T-SQL Endpoint for Common Data Service

Since the announcement by Microsoft at the Microsoft Business Applications Summit last month, and even before, I’ve been eager to take a look at the new SQL Connection for the Common Data Service Endpoint. What this means is that we can not write and execute SQL queries against the entity data.

In order to get started, the first thing that has to be done is enabling the Endpoint, so that we can create a connection from SQL Server Management Studio (SSMS) to our Dynamics/CDS environment. As of now, there are two ways to enable this endpoint.

The first is by navigating to our environment in the Power Platform Admin Center. Click on the settings in the Command bar for the environment, expand the Product collapsed section and click on Features. On the features page change the toggle for TDS endpoint from Off to On.

TDS endpoint - Power Platform Admin Center

The other way to get the same results is by using the SQL 4 CDS Plugin for XrmToolBox by Mark Carrington (make sure that you have the latest version). Open the Plugin and connect to your environment. In the Object Explorer pane, under entities, you will see the T-SQL Endpoint tree option.

TDS endpoint (Xrm ToolBox - SQL 4 CDS)

Right click on the T-SQL Endoint (Disabled), and select Enable:

T-SQL endpoint - Xrm ToolBox - SQL 4 CDS - Enable endpoint

Making this change will allow you to make connections to your CDS environment using the new T-SQL endpoint.

The next thing is we need to connect using SQL Server Management Studio. I am using SQL v18.5, but you should be able to use it with some of the prior versions. The main thing is how we connect to our cloud database.

Within your SSMS, in Object Explorer, click on Connect and select Database Engine. This will pop up the Connect to Server window. In the Server name, enter the Organization Name following by the region and the port. The format would be as follows:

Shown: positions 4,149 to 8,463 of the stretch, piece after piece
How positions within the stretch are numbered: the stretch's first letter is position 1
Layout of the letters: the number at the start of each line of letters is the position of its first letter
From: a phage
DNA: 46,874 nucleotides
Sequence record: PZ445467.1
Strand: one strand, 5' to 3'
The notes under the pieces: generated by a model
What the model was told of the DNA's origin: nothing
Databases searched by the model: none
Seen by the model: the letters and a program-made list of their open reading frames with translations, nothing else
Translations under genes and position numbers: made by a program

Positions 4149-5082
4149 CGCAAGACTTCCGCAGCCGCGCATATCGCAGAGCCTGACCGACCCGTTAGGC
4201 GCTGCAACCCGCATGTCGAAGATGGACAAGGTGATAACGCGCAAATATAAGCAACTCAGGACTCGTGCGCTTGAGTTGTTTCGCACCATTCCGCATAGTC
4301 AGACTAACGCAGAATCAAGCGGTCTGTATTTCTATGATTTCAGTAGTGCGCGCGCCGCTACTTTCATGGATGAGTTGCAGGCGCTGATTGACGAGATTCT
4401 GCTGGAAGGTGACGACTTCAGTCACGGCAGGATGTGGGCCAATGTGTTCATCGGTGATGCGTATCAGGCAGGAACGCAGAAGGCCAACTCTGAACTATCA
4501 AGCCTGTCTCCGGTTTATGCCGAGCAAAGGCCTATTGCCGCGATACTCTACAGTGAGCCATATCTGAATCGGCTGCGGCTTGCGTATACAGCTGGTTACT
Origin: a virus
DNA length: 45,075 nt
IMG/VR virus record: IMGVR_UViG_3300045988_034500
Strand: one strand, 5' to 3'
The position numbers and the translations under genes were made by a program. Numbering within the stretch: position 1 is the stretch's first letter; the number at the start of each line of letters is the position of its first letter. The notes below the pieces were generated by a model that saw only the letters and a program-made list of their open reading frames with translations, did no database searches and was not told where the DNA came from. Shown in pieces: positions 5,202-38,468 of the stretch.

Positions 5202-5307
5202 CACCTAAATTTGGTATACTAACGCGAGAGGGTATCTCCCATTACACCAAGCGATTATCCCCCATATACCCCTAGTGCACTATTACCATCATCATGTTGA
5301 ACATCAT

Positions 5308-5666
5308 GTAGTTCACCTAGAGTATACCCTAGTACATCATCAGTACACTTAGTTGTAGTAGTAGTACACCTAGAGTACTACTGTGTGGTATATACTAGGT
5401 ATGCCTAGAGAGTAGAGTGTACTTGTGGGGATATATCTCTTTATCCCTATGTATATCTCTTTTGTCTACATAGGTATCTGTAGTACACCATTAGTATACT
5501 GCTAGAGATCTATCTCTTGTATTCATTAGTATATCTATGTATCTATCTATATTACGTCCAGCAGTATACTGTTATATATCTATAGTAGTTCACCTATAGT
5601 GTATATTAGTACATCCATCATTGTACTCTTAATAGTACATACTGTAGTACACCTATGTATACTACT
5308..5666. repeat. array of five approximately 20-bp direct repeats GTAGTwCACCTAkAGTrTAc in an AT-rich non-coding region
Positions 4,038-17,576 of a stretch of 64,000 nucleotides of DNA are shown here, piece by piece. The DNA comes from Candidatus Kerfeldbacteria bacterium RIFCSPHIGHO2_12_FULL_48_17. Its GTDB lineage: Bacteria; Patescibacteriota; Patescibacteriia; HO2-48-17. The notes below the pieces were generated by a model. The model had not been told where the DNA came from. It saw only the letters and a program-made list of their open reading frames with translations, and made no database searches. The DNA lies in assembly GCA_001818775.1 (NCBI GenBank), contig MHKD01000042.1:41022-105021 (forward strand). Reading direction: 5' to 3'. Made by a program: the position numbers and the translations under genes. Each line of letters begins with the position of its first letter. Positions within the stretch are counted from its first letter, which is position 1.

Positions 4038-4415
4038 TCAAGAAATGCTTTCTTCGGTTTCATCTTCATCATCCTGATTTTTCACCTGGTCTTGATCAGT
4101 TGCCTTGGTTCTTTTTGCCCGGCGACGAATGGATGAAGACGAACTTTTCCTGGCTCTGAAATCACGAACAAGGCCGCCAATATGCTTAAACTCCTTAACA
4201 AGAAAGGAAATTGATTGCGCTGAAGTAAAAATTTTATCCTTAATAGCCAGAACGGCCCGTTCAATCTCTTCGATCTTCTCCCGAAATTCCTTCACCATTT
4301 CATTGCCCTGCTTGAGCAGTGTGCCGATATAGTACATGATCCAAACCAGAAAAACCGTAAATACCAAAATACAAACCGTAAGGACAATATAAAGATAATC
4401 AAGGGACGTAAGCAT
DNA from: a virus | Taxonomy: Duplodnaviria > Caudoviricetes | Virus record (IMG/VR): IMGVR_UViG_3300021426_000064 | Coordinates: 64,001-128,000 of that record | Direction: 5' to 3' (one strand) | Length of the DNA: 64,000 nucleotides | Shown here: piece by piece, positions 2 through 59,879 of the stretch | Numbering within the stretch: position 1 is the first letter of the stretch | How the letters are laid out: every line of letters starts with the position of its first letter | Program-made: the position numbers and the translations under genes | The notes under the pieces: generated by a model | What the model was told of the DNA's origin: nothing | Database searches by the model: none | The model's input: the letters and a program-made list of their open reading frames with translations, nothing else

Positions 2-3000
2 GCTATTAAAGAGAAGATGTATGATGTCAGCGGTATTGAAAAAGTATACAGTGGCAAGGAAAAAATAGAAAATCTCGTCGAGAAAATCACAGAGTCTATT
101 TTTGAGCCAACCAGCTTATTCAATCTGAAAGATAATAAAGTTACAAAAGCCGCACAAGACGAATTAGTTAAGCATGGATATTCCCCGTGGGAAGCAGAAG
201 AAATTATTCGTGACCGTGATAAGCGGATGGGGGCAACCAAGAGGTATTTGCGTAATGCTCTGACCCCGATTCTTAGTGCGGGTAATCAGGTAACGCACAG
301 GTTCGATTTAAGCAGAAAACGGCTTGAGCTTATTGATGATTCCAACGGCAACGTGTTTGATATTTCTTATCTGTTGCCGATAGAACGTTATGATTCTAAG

If your organization name is crmdemo and your are in North America, the Server name would be: crmdemo.crm.dynamics.com,5558

Next, we have to provide the authentication method. Based on your connection there might be a few different options for you to use. You will need to choose one of the three Azure Active Directory Authentication methods based on your connection settings.

I have tested this out with both Azure Active Directory – Password, which is used when you are connecting using a Username (email) and Password as well Azure Active Directory – Universal with MFA, which will user your organization’s MFA settings to connect.

In this post, I will be using the Azure Active Directory – Password. If you are the only one using the computer, you can check the Remember Password. The screen below (with a few blurs), shows how the connection dialog will look like.

T-SQL Endpoint - SSMS Connect to Server

Finally, our Object Explorer can be expanded, and we will be able to see all of the available tables that we can query on. The image below shows a partial list of the tables that are available:

T-SQL endpoint - SSMS Object Explorer

A few things to note.

  • This is still in preview and not available in all regions
  • The database is in Read-Only state, so no updates can be performed (I am not sure if and when that will change)
  • Only tables and table columns are provided, but there are no custom views or stored procedures. The tables also display the name attributes from related entities.
  • Although what we are seeing in our database shows under tables, these are actually the filtered views.
  • The supported SQL operations include: Batch operations, SELECT, aggregation functions, UNIONs, JOINs and Filtering

Finally, I tested a few queries out including JOIN and Filtering options and got the results just as expected. You can see the screenshot below.

T-SQL endpoint - SSMS Query and results

Hopefully you are excited about this great new enhancement.